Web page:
Communities are key to shaping the programme, that’s why Creative Forums and key individuals help us identify the needs and interests of people in each town.
We also have a Critical Friend and an external evaluator, who help us monitor the project’s progress, celebrate our achievements, and point out any areas that need improvement.
Finally, all our work is shared across the nation with our peers who are working on Creative People and Places projects in different locations across the UK. It is a great network to learn from, share with, turn for advice to, and a place to celebrate our local partners and artists.
Lorna’s background is in museums and galleries, the arts, culture and creative industries. She was most recently been Museum Manager at Museum of Cambridge. Lorna’s career history has included North Lands Creative Glass, Timespan Museum and Arts Centre in Sutherland, Manchester City Art Galleries and the V&A.
‘I am really pleased to be joining Market Place at this exciting time, celebrating the creative activity and achievements over the last 3 years and preparing to develop the project into its second phase to bring a lasting positive impact for the people of Fenland and Forest Heath.’
John started volunteering for AdeC in 2012 and has always been very proud of the way in which the charity reaches out to areas with low arts engagement. Market Place was therefore a logical move for John to learn more about how he can help people get more out of creativity and the arts. John has a BA (Hons) in Literature and Cultural Studies from Staffordshire University.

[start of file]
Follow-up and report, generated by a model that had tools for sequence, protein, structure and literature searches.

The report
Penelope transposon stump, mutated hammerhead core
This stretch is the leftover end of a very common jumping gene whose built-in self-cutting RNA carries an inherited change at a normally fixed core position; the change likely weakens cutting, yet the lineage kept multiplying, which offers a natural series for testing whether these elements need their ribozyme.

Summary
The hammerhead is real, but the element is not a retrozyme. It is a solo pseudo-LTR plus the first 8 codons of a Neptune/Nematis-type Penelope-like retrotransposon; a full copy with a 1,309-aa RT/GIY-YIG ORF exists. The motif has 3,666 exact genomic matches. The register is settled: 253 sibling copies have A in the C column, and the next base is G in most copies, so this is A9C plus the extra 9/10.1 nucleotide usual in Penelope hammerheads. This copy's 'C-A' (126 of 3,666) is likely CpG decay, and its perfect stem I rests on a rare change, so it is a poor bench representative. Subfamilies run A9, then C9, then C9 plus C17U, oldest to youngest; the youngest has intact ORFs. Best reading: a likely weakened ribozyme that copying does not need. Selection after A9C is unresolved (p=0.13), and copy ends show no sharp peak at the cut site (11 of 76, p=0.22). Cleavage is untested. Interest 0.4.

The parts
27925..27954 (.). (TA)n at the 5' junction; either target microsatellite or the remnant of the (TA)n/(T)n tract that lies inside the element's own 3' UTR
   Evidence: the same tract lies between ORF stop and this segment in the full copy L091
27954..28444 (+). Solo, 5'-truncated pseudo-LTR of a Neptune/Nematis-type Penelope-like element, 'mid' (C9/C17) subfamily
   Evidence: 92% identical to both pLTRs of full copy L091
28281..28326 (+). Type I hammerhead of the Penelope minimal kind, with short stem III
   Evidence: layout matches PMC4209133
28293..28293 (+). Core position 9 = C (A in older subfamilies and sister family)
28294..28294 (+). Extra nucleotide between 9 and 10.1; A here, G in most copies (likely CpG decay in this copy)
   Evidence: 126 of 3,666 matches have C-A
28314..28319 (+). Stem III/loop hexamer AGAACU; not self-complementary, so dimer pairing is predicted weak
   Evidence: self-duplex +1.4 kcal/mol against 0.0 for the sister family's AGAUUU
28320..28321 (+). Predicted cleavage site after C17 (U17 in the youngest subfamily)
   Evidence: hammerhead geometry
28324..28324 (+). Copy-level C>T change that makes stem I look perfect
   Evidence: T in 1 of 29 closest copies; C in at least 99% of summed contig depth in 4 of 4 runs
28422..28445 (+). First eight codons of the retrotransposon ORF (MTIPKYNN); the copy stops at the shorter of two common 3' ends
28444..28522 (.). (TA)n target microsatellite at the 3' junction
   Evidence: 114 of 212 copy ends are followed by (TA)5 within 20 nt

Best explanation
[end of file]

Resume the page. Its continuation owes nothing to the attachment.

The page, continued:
I am a participatory artist passionate about using the arts, culture, stories and history to create a strong sense of identity, to connect and strengthen communities. .I have many years experience of co-ordinating large scale projects – collaborating with cultural venues, community groups and other artists – getting to know residents, finding creative ways to share and celebrate our stories and having fun along the way.
Jess is a heritage practitioner with experience in archiving, research, conservation, engagement, and interpretation. She is passionate about engaging people in their local heritage and dispelling the common perception that history is only about the dim and distant past. This is precisely why she was drawn to the role of ‘Pop Culture Archivist’ for the Talkin Bout My Generation project.
Ruth has a 20 year career as a researcher and cultural policy advisor, developing approaches that embed research and evaluation into creative delivery. She’s been involved in various cultural projects including managing the evaluation of Liverpool 08 – European Capital of Culture, and advising on the development of Aarhus 2017 European Capital of Culture, as well as the evaluation of Transported Creative People and Places Programme. Her enthusiasm lies in making research and evaluation useful for communities and organisations and showing the value that art can bring to people of all ages and backgrounds.